Market Perspective for November 8, 2019

Equities climbed to new all-time highs on positive economic data and solid earnings news. The Dow Jones Industrial Average advanced 1.36 percent. The S&P 500 Index gained 0.90 percent and the Nasdaq 1.05 percent.

Rising interest rates boosted the financial sector. SPDR Financial (XLF) increased 2.54 percent. SPDR S&P Regional Bank (KRE) rallied 3.27 percent. Rising oil prices enabled SPDR Energy (XLE) to gain 2.28 percent. SPDR Industrial (XLI) rose 1.93 percent.

Economic data was solid. The ISM services index increased to 54.7 percent and beat expectations. The Job Openings and Labor Turnover Survey (JOLTS) still shows more job openings than unemployed Americans. Initial unemployment claims were 211,000.

The 10-year Treasury yield climbed to 1.93 percent this week, up from 1.7 percent. iShares Barclays 20+ Year Treasury (TLT) slumped 4.00 percent. Corporate and investment grade bonds also slid as interest rate risk chipped away at longer-duration bond valuations. Both high-yield and floating-rate funds gained on the week.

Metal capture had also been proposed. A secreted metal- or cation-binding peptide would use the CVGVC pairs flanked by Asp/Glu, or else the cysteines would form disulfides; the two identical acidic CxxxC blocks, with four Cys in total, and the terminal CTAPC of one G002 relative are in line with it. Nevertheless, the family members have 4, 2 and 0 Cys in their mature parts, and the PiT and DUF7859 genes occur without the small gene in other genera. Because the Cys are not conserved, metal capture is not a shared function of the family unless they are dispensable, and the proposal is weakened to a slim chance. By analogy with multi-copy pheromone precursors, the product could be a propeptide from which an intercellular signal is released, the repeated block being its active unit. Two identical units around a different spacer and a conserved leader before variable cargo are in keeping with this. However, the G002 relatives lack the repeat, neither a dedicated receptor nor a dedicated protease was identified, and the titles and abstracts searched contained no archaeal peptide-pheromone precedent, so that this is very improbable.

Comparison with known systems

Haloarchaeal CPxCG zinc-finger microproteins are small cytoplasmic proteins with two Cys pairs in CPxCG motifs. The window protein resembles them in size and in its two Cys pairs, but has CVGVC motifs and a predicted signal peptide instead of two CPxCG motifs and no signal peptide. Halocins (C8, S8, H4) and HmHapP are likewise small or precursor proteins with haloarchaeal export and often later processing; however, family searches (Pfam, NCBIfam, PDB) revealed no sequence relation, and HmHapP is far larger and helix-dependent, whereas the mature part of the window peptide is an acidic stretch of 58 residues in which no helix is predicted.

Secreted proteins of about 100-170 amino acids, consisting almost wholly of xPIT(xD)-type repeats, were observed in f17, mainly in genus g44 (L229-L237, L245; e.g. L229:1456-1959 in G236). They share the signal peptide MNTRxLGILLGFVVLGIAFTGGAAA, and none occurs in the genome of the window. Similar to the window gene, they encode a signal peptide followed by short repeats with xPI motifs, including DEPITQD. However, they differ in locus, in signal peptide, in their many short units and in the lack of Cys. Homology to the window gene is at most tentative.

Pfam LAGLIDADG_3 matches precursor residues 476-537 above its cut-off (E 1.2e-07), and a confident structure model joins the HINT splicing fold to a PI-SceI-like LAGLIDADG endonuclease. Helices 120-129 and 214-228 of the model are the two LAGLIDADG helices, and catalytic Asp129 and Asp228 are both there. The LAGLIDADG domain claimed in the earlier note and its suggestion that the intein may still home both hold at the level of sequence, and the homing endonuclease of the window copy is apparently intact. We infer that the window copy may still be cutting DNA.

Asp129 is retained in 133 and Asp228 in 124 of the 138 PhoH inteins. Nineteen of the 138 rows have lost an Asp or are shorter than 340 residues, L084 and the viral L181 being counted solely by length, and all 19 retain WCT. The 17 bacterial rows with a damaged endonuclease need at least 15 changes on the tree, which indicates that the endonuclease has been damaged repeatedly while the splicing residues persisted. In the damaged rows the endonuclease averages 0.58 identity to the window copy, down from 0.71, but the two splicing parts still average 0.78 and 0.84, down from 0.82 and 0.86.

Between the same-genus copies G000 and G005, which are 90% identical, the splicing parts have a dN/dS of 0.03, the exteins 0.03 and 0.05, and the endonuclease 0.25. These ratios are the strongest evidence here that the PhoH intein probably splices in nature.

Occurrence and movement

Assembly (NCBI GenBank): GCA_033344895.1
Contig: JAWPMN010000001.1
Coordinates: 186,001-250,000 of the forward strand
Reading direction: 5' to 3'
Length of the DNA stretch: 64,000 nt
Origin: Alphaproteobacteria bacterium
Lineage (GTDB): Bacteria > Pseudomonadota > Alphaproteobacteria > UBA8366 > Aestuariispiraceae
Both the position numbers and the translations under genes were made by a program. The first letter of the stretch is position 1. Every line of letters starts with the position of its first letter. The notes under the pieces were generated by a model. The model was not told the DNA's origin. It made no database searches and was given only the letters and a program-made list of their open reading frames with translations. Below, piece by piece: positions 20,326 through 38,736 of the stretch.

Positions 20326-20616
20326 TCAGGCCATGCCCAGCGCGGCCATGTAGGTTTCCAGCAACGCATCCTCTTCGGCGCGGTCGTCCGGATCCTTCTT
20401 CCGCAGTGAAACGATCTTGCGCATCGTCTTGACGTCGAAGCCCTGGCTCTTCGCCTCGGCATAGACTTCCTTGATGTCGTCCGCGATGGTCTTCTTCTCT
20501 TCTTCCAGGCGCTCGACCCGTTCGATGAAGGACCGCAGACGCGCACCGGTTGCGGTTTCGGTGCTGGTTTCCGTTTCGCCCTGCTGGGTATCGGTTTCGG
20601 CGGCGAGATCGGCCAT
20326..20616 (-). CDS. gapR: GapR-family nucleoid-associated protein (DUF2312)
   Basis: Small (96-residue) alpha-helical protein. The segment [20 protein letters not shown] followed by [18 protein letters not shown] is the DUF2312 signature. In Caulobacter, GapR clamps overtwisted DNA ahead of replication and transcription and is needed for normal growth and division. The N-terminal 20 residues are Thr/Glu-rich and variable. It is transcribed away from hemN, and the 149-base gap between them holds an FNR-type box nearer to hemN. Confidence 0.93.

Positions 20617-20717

The U.S. Dollar Index was a beneficiary of rising rates. It increased 1.24 percent for the week. iShares MSCI Emerging Markets (EEM) increased 1.06 percent on increased optimism over a trade deal with China. MSCI EAFE (EFA) advanced 0.53 percent.

Crude oil closed the week at $57.24 per barrel. Natural gas extended its rally as cold weather swept across the northern part of the U.S., finishing the week at $2.79 per mmBTU. Natural gas was trading at $2 mmBTU in August.

Disney (SID) was one of the many companies beating earnings forecast this week. Shares advanced 3.91 percent.

Xerox (XRX) launched a bid for Hewlett-Packard (HPQ). Normally the acquirer’s shares drop on takeover news, but Xerox outperformed HP, rising 16.04 percent to the latter’s 9.79 percent. Xerox is only one-third the size of HP, and it’s offering $17 in cash plus shares to make for a $22 per share offer. HP said the offer undervalued the company and doesn’t think it will benefit shareholders. Analysts also considered it a low offer. Xerox’s move could spur further activity if cash-rich tech giants move to block a merger with better offers.


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